Academic journal article Texas Law Review

Fast and Loose Litigants and Courts: Carnegie V. Household International, Inc. and the End of Settlement Classes*

Academic journal article Texas Law Review

Fast and Loose Litigants and Courts: Carnegie V. Household International, Inc. and the End of Settlement Classes*

Article excerpt

I. Introduction

Class action defendants have previously been free to pursue settlement classes to reach a global resolution of all claims with little fear of adverse consequences. Recently, however, in Carnegie v. Household International, Inc., the Seventh Circuit unearthed the little-used doctrine of judicial estoppel and, in an unprecedented move, applied it to settlement-class defendants whose settlement with class members had been overturned.1 Consequently, the court held that the defendants were estopped from arguing against class certification for litigation purposes.2

Clearly, Carnegie's history greatly influenced the Seventh Circuit's holding. In the matter's initial incarnation,3 several plaintiffs' attorneys entered into a settlement agreement with defendants H&R Block and Beneficial National Bank.4 The settlement disposed of claims that the two companies had violated various state and federal laws through the improper use of refund anticipation loans (RALs).5 The settlement included both defendants, who each asserted that the class was suitable for certification.6 In return, the "class release[d] defendants from any and all actual and potential claims, known or unknown, that the class representatives asserted or could have asserted against defendants arising out of the RALs."7 This was to be a global settlement, binding all absent class members who failed to opt out and preventing any further RAL suits.8 After approval by the trial judge under Rule 23(9) and appeal by objecting class members, the Seventh Circuit reversed the settlement's approval, holding that the circumstances surrounding the settlement "demanded closer scrutiny than the district judge gave it."10 On remand, a different district court judge declined to approve the settlement.11

Carnegie, the case's third incarnation, was brought before the same district court judge who had rejected the initial settlement on remand. Remarkably, she never formally certified the class for litigation purposes, instead placing the burden on the defendants to present objections to class certification.12 On appeal, the Seventh Circuit applied judicial estoppel to the defendants' arguments against certification, found that there was a "de facto certification" because the class had originally settled as a settlement class action, ruled that the second trial judge was within her discretion when she put the burden on the defendants to object to class certification, and held that the class could proceed to trial, certified as a litigation class.13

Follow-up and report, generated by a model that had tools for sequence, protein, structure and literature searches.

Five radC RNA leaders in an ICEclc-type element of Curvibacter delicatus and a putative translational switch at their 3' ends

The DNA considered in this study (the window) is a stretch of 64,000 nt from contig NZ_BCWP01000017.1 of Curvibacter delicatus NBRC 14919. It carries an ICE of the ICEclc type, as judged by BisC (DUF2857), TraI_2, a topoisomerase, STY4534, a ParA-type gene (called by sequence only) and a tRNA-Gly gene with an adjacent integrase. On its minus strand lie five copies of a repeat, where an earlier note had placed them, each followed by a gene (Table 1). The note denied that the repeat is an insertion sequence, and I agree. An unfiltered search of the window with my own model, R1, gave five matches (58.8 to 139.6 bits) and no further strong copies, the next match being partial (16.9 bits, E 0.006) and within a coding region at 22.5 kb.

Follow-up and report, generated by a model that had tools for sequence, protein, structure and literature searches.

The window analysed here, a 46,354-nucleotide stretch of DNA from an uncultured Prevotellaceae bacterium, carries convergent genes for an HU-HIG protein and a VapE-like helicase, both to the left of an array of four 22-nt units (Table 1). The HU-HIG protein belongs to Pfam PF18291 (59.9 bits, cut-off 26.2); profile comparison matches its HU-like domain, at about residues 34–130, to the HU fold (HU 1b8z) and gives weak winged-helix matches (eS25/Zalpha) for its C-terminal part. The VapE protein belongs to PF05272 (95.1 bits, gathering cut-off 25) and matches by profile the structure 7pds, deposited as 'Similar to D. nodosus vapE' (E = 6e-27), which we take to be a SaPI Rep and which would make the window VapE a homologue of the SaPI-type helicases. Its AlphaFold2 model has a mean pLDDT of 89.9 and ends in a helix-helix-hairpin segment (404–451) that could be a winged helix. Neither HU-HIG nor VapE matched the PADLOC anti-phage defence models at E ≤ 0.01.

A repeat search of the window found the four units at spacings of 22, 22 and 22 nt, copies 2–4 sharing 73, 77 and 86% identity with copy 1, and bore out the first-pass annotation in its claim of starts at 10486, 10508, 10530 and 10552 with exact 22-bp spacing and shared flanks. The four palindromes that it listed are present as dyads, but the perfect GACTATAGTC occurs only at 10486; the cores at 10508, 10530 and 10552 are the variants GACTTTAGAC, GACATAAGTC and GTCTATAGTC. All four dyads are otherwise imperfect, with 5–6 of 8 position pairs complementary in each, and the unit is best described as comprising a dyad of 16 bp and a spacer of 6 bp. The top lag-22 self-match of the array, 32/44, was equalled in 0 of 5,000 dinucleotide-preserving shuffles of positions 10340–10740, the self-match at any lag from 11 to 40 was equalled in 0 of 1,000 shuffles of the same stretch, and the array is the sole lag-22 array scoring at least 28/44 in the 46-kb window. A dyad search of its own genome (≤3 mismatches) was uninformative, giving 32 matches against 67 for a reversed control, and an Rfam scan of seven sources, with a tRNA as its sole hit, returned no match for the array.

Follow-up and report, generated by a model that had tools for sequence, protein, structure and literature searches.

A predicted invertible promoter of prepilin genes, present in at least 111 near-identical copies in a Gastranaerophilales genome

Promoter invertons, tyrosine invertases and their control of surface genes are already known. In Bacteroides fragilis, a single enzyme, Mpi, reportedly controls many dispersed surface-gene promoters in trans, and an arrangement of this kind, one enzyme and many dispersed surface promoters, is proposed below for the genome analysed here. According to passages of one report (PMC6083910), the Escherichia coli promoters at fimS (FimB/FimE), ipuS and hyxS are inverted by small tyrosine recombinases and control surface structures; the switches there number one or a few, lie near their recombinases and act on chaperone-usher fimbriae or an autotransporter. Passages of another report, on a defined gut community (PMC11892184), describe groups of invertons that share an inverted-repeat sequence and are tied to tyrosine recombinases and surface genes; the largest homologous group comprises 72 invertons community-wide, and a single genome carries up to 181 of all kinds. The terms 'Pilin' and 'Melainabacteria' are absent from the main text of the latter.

This Note makes two fundamental arguments regarding the Carnegie decision. First, the Seventh Circuit misapplied the doctrine of judicial estoppel, failing to ground it in either circuit precedent or the law as interpreted by a majority of federal courts. Second, and more importantly, the Seventh Circuit's decision, although it innovatively uses judicial estoppel to attack certain perceived ills of settlement classes, creates unprecedented costs for defendants who still wish to seek a settlement class and, in so doing, paves the way for the end of settlement classes.

This Note's arguments develop through four distinct Parts. Part II analyzes the doctrine of judicial estoppel as formulated and applied by different federal courts. Specifically, it examines the application among the courts of either the "success" test-which requires that a litigant benefit from some form of prior judicial acceptance before it can be estopped-or the "fast and loose" test-which only requires a showing that the litigant improperly changed its arguments so as to gain an unfair advantage.

Part III examines the Seventh Circuit's pre-Carnegie judicial estoppel jurisprudence and argues that, until very recently, the Circuit had fully embraced the success test. In other words, like a majority of federal courts, the Seventh Circuit only applied judicial estoppel when there was a prior judgment, or at least a settlement, in which a party had been successful. …

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